Most of these permit forms are available online, and you can print the form from the Parks and Recreation Department website, complete it, and send it to the county parks and recreation office where you plan to perform metal detectors. I always like to put this on every list I make with the best places to detect metals in a particular area, because sometimes private land is just the best option. It`s best if you own land or know someone who owns land in the state you want to visit, but we may not all be so lucky. An alternative is that you can ask people you meet if you can spot metal on their land, and some people might just say yes. I find it helpful that you tell them that you will share the winnings with them if you find something great! Delaware doesn`t have many laws governing metal detection in the state. For treasure hunters, this is certainly an advantage. However, there are some limitations that you should be aware of. This park covers 2,825 hectares on the beach of the Atlantic Ocean, which millions of people visit every year. Fortunately, as one of the few Delaware state parks located on the coast, metal detection is fully allowed in the park as long as it is east of the dune line. Metal detection is not allowed in Delaware state parks, which are not ocean beaches.
Woodland Beach sells itself as “Delaware`s unknown treasure,” although luckily I found it for you! The town itself is a small coastal community along Delaware Bay, but it`s on the beach that my interest lies. This is a clean beach in a beautiful part of the county – perfect for a morning or evening metal detection trip! Well, it`s not a place you could visit day in and day out, as you rely on enough people coming every day to find something for you, but it`s a nice place to visit a few times a year. Delaware State Parks are among the most beautiful in America. They can also be among the most productive for a treasure hunter. Many Delaware state parks contain popular hiking trails. These are excellent places for metal detection. The typical path can produce arrowheads, old coins, and jewelry. In most cases, these jewels come from new visitors and therefore the jewels must be handed over to the park`s lost and found office. For Delaware, the former are a big problem. I mean, they are literally known as the first state because they were the first to ratify the Constitution! And of course, Delaware is always on my mind first when it comes to big East Coast beaches where I can pull out my sand shovel and metal detector. Delaware has long had my favorite beaches on the East Coast where I can go scavenger hunting with my metal detector. I found tons of coins and a few trinkets, one summer I even found a penny of mercury from 1930 on vacation! Whenever I`m in Delaware I can`t help but visit at least a few of the places on this list, I think I`m leaving money on the table during a trade deal if I didn`t at least try.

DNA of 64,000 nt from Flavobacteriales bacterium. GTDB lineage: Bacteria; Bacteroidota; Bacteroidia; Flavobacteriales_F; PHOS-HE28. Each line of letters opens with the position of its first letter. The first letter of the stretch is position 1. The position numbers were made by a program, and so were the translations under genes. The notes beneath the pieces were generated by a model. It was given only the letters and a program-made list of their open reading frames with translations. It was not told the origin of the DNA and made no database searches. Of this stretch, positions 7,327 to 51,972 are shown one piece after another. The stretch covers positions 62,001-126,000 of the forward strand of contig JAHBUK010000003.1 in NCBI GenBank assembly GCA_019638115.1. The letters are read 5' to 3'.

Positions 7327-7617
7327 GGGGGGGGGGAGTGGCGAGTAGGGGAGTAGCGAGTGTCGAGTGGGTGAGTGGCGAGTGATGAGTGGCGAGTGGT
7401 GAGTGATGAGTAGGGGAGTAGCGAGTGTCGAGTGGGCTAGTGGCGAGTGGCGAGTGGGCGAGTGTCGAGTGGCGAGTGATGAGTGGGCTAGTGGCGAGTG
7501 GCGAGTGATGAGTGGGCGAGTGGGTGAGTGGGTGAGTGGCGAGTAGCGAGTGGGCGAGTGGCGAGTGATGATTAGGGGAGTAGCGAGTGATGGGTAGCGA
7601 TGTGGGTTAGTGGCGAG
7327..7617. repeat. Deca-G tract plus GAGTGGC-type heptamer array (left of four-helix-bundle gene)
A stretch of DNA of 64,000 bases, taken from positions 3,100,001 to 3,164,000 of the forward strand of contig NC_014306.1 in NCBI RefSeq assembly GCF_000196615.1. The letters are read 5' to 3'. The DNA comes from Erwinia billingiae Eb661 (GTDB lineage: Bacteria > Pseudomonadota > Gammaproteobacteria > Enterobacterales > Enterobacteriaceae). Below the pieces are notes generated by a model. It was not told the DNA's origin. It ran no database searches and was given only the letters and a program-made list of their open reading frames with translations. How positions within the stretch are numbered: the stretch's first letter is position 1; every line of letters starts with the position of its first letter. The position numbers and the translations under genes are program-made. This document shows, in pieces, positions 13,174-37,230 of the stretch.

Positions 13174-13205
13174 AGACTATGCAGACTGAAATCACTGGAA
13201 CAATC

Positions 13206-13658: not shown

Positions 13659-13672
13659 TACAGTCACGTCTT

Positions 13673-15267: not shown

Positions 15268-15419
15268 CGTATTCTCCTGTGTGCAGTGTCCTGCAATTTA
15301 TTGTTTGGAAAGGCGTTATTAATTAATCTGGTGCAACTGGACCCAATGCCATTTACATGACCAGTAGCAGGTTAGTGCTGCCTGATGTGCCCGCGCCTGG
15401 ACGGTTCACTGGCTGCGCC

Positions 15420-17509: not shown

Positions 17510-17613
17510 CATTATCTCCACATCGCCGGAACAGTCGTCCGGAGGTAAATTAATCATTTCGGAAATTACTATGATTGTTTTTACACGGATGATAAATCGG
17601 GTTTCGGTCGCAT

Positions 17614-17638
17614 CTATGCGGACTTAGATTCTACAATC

Saint Johnstown was founded as a small railroad town. It served mainly the Queen Anne`s Railroad. When this railway ceased operations, the city followed suit. Today, metal detector enthusiasts can expect to find abandoned railway tools scattered around the abandoned city. Metal detection at historic sites is largely prohibited in Delaware. In some cases, you may be able to obtain permission to detect metals on a historic website by contacting the governing body directly. The same goes for national parks. TITLE 7ConservationArchaeological and geological resourcesCHAPTER 53. ARCHAEOLOGICAL RESOURCES IN THE STATESubChapter II. Archaeological Resources on or on Crown Lands5303.